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Frank Zuniga, guest columnist Sin pelos en Ia lengua TV and the Latino Child The generation coming out of our high schools today is the KNOCK, KNOCK: Oh dear . The U.S. Immigration& Naturalization first to know life with television as a constant presence. From Service is having a terrible time inducing undocumented workers the day they were born, television was there. to come out of hiding and participate in its legalization program. The Have you ever wondered how their view of the world differs from first month, only 62,000 of a predicted high of 4 million eligibles the views of those of us who were not weaned on the electronic teat? responded to the call of INS Western regional commissioner Do those of you who are parents sense that you don't have control, or Harold Ezell and other federales to surface. even the major influence, in how your chilcfs mind is developed? This month, Fernando Oaxaca and the Justice Group, armed. Let me share a hypothesis with you. with a $10.7 million INS advertising contract and a Madison If your child is an average television viewer, Avenue flair, join in the campaign in earnest he or she watches an average of six hours of While I haven't yet viewed any of Oaxaca's public service television each day . That is 2,190 hours of announcements or commercials, I did have occasion to share in television viewing a year the television the wisdom of Washington-based writer/philosopher Douglas equivalent of the Chinese water torture. Martinez on whafs gone wrong so far. ' On those rare occasions when television Martinez feels that the slow start was the result of an INS depicts Latino children or adults, it subjects decision to allow Ezell, who only recently was threatening to those who watch it to negative images about "clean and fry'' any undocumented workers he caught, to voice who we are . Young Latinos are told by tel& some commercials. Ezell does have sort of an Attlla the Hun vision over and over again that people of reputation. their heritage have added little of value to our society . "Using Ezell is akin to having Contra comandante Ernesto Along with selling the Latino child Big Macs and fajitas pitas, U.S. Bermudez doing tourism commercials urging young Nicaraguans network television sells them a special identity: gang members, to spend their summer vacations frolicking in the Honduran maids , whores, drug dealers and, on rare occasions, cops . highlands," Martinez explained. COUNT THE POSITIVE 1 MAGES In an article he was preparing for syndication this week, Martinez Count the positive Latino images you've seen on network television also suggested a few commercials of his own: recently. Can you think of ten? Five? Two? "One could employ Nancy Reagan lip-syncing the simple By age 15, boys and girls begin making their crucial career message, 'Mi casa es su cas a' Her husband has been using that decisions. Should they go to college? What careers should they one to political advantage for years . If Nancy's too busy with other aspire to? Latino boys and girls reach this milestone having been causes , maybe we could get Charo, the cuchi-cuchi entertainer, subjected to an average of 25,000 hours of negative or non-existent 'to do it." he said . television images of themselves. "Considering the high percentage of young males in the potential So should it surprise us that our dropout rate hovers around target market," he concluded, stroking the stubble on his chin, 50%? Remember, the teachers and counselors who advise these "she might even be better. " students also have been subjected to the same images. Noting possible consumer resistance to the $185 fee which INS In those critical years when Latino children are searching for an has attached to legalization, he also suggested a deal, like health identity, many , many of them are buying what the tube is selling them spas offer, encouraging folks to bring along a friend and"buy-oneabout themselves-just as you buy the products it advertises . membership-and-get-one-free." For years, Hispanics have been trying to convince the networks But his real favorite was a "swarm" commercial, the kind where that a more balanced image of Latinos should be presented. They mobs of people storm automotive showrooms and KMart stores enjoyed a few small victories, seldom of lasting consequence. One to take advantage of special holiday sales. was "Chico and the Man, " which grew out of advocacy pressure. "I'm scripting one," he revealed , "that opens with a helicopter MORE TALK THAN SUBSTANCE spotlight burning down on a swarm of undocumented workers In the last five years, I have devoted much of my free time to helping scurrying across a ravine near the U.S.Mexico border. The Border meld a group of media professionals into an organization called the Patrol appears to be in hot pursuit. Hispanic Academy of Media Arts and Sciences . Through it 1 met "But wait! In flawless Spanish, the voice-over inveigles, 'Amigos, many committed professionals from the Latino community who join your friends and neighbors who are rushing to their nearest routinely rejected work on distorted, destructive film and television legalization office to sign up for amnesty under this new limitedprojects at no small cost or risk to their careers. time norteamerica no immigration offer. Be the first on your block I have also met with many studio executives who professed to be to get this valuable document.' open minded. Those meetings resulted in much more talk than "As the commercial fades out," Martinez said as he pounded his substance . typewriter, "bullhorns from the helicopter are blaring, 'Keep going Now I'm involved in yet another organization, the National Hispanic straight. lfs only four more ravines and three more desolate Media Coalition. It was formed less than a year ago by a number of stretches of desert to our spanking-new legalization office .. : " concerned community groups. This spring, the coalition challenged, Oaxaca doesn't know how lucky he is that Martinez didn't with some success, news coverage and employment patterns at choose to compete for that $10.7 million ad contract. KCB& TV in Los Angeles . It also renewed a dormant dialogue witti Kay Barbaro Universal Studios, a major manufacturer of the cultural images you Alllll!llll!llll!llll!llll!llll!llll!llll!llll!llll!llll!llll!llll!llll!llll!llll!llll!llll!llll!llll!llllli••lll•l see on TV today. Quoting. . • • The group started in Southern California but has now networked ! into many states across the country. On July 18, some 60 individuals from Latino groups nationwide will meet in Washington, D.C., to map a national strategy . ALFREDO DURAN, former Florida state Democratic Party chairman, We see our goal as reasonable and beneficial to everyone. All we quoted in the June 7 Miami Herald on non-Hispanic whites' reluctance want is for network television and the film industry to be fair and to to share power with Latinos there: give our children a chance. 1'The group with influence does battle to the end before sharing (Frank Zufliga is a producer/director with 25 years experience in the power. It won't happen voluntarily. It's got to be made to happen. film and television industry. He is the founding president of the Blacks in Miami have been dealt with more as a matter of conscience. Hispanic Academy of Media Arts and Sciences.) , Latins have been dealt with as a matter of necessity." Hispanic Link Weekly Report July 6, 1987 3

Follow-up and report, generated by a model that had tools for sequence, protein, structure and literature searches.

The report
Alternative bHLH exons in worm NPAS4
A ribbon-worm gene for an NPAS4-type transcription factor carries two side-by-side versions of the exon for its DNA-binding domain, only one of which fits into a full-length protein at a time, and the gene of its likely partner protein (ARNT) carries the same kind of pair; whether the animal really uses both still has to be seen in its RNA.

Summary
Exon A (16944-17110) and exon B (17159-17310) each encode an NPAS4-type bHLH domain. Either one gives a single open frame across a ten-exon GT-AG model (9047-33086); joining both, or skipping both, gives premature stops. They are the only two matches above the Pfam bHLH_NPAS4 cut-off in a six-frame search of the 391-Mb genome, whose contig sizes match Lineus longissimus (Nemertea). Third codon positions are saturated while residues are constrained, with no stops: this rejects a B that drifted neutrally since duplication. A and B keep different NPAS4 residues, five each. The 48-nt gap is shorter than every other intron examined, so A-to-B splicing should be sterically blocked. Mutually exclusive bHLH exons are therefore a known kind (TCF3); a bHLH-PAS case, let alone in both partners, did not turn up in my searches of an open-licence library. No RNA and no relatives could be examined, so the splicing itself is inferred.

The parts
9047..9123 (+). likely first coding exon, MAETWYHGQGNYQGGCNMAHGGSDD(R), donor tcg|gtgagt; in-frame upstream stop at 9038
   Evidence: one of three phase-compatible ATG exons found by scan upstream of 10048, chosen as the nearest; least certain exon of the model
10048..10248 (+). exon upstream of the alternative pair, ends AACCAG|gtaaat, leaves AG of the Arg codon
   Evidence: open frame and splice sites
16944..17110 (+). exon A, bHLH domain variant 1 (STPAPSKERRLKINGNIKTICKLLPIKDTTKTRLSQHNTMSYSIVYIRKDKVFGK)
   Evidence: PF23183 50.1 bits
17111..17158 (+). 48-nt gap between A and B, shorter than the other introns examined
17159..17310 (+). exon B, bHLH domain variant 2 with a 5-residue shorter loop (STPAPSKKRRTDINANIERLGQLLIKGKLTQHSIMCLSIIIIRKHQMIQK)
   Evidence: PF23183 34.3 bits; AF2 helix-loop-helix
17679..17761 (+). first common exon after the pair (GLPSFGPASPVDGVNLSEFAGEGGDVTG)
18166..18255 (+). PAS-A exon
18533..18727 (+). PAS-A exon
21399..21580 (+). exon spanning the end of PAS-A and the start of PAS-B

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COLLECTING NEA REPORT: For information on the availability of " . . . And Justice for All , " a four-part report on Hispanic and other minority students, write: NEA, Human and Civil Rights Office, 1201 16th St. NW, Washington, D . C . 20036 (202) 822-7200. MINORITY COLLEGE FACUL TV AND AFFIRMATIVE ACTION: "The University of California in the Twenty-First Century: Successful App roaches to Faculty D i versity' ' is a study of the affirmative action program within the University of California system and 15 other universities, including Columbia, Duke , Stanford and the State Univers i ty of New York. A free copy is available by writing to: Educational Relations, Office of the President, 319 University Hall, University of California , Berkeley, Calif. 94720 (415) 643-6759. LABOR FORCE PROJECTIONS: The U.S. Bureau of Labor Statistics' f inal report on employment projections for the year 2000 w i ll be released in September. The issue of BLS's 1 00-page Monthly Labor Review will include three articles on those projections. Single copies are $4.50 . Place your order in mid-September with the Sup_erintendent of Documents, Government Printing Office, Washington, D . C . 20402. INDEPENDENT SCHOOLS: The Institute for Public Education recently issued a 216-page study which details the reasons given by parents to send their children to independent schools and offers a demographic breakdown of the families of these Latino, black and _ other minority students. For a copy of the study, "Dare to Choose: Parental Choice at Independent Neighborhood Schools." or i t s 38-page executive summary, send $25 or $4.50 to the institute at: P . O . Box 42571, Washington, D .C. 20015 (202) 745-0500. CHILDREN TV-VIEWING GUIDE: "TV Tips for Parents : Using Televis i on to Help Your Child Learn" is a 20-page guide by the Corporation for Public Broadcasting on how parents can use TV as an effective teaching tool . The guide is available in Engl i sh and Spanish . For a copy, send a self-addressed envelope with 39 postage to: CPB, Box 33039, Washington, D .C. 20033 (202) 955 00. (Indicate Spanish or English version . ) CONNECTING SVREP OPENS CALIF. OFFICE The Southwest Voter Registration Education Project opened a Southern California office recently as part of its stepped-up effort to organize the state's Latino voters . The San Antonio, Texas-based group intends to spend$1 million to register up to 500,000 additional Hispanic voters in California over the next four years. The office is at 170 South Madison, #5, Pasadena , Calif . 91101 (818) 792-7614. Its field director is Richard Martinez. LATINO CONTRIBUTIONS STUDIED Research is presently being carried out by more than 1 00 educators, historians newspaper editors and community leaders to challenge historical contemporary textbook omissions of events involving Hispanic contributions to the United States. The goal of the Hispanic Contributions Project , directed by t h _ e superintendent in the south central area for Dade County public schools , Frank de Varona, is to publish a textbook on H ispanics who have helped shape this nation. The book , covering the year 1565 to the present, will be distributed free to teachers of Ameri can h i story and publishers of history textbooks. Initial plans call for printing 5,000 copies. Estimated cost of the project is $40,000 $50,000. It is be i ng funded by donations from corporate supporters, schools and private donors . For further information , contact Eddie Rivas at (305) 376-1355. OTHER FACES, OTHER PLACES The University of California Consortium on Mexico and the United States granted $7,750 in seed money t o the University of California, Riverside, to begin work on a documentary film on the life of late UC Riverside Chancellor Tomas Rivera . Rivera was a national leader i n Hispanic education ... The National Hispanic University in Oakland , Calif., graduated 24 students during the university's second com mencement exercises June 20 ... Calendar U .S., MEXICO PRESS BRIEFING La Jolla, Calif . July 9 , 10 w1th food and c r a fts. Jose Ruiz(301) 396-93 7 8 THIS WEEK RODRIGO ROJAS TRIBUTE Washington, D . C . July 6-10 In commemoration of the first anniversary of the death of Rodrigo Rojas , a 19year-old D . C . res ident who was killed in Chile by government troops, there will be an e x hibit of his photographs and a dec laration by Mayor Marion Barry pro claiming Rodrigo Rojas Week. Jorge Burgos (202) 328 MOVIE SCREENING Washington, D .C. July 8 The Washington, D . C., pre miere of " La Samba" will benefit the localchapterofthe Hispani c Academy of Media Arts and Sciences. The screening will feature the film ' s writer/director Luis Valdez . " La Samba " is based on the meteoric career of rock singer Rit chie Valens, who died in a plane accident. Jose Sanz (202) 463-0486 AYUDA BENEFIT RECEPTION Washington, D . C . July 8 The Congressional Hispanic Caucus and the board of directors of A YUDA are sponsoring the f1fth annual reception to benefit the bilingual legal services agency. Rebecca Cusi c (202) 387-4848 4 U . S . Ambassad o r to Mex ico Charles Pilliod will be among the speakers at the seventh annual briefing session for professional journalists sponsored by the Center for U.S. Mexican Studies. The session will cover such topics as 1987-88 Mexican presidential succession , drug traffic and U . S .-Mex i c an trade issues. Graciela Platero (619) 534-4503 CALIFORNIA G. I. FORUM CONVENTION Anaheim , Calif . July 9-12 The California chapters of the American G . I . Forum will host their 30th annual state convention. Amh bishop Roger Mahoney of Los Angeles will address the Friday luncheon and there will be a Saturday dinner and coronation dance for Miss American G. I . For u m of California 1987. Richard Calva (818) 994-9338 HISPANIC MINISTRY WORKSHOP Washington, D . C . July 11 "Hispanic Youth , Lay Leadership and Vocations" is one of a series of workshops on Hispanic ministry sponsored by the Sisters of Notre Dame de Namur, the Education for Parish Service program and Trinity College. Jackie Wakeling (202) 362-7752 BALTIMORE FESTIVAL LATINO Baltimore, Md. July 11, 12 The East Baltimore Latin Organization is sponsoring the eighth annual festival celebrating Hispanic culture July 6, 1987 LA RAZA CONFERE. NCE Chi c ago , J ul y 12 1 5 " L a Familia Hispana: Our Future, Our Strength" i s the theme of the National Council of La Raza ' s annual conferen c e , which will e x plore the tradit i onal ties binding Hispanic famili e s and how they can b e strengthened. Workshops on the future of bilingual education , civil rights a s p ec ts of hou s ing, i mmigra t i o n and the U . S . English movement will be featured. Marialba Martinez (202) 628-9600 COMING SOON CONTRACTORS/BUSINESS EXPOSITION U . S . Hispanic Chamber o f Commerce , Small Business Administration El Paso , Te x as July 15 18 Carla Hopkins(214) 767-7631 HISPANIC ENGINEERS BANQUET So ciety of Hispanic Professional Engineers Los Angeles July 18 J . R. Herrera (415) 973-5680 NICARAGUAN INDEPENDENCE CELEBRATION July 19th Celebration Committee Washington , D .C. July 19 Bret Sallade (202) 223-2328 HISPANIC BAND MUSIC Smithsonian Institution Washington, D . C . July 19 Gabriela Frings (202) 357 1-jispani c Link Weekly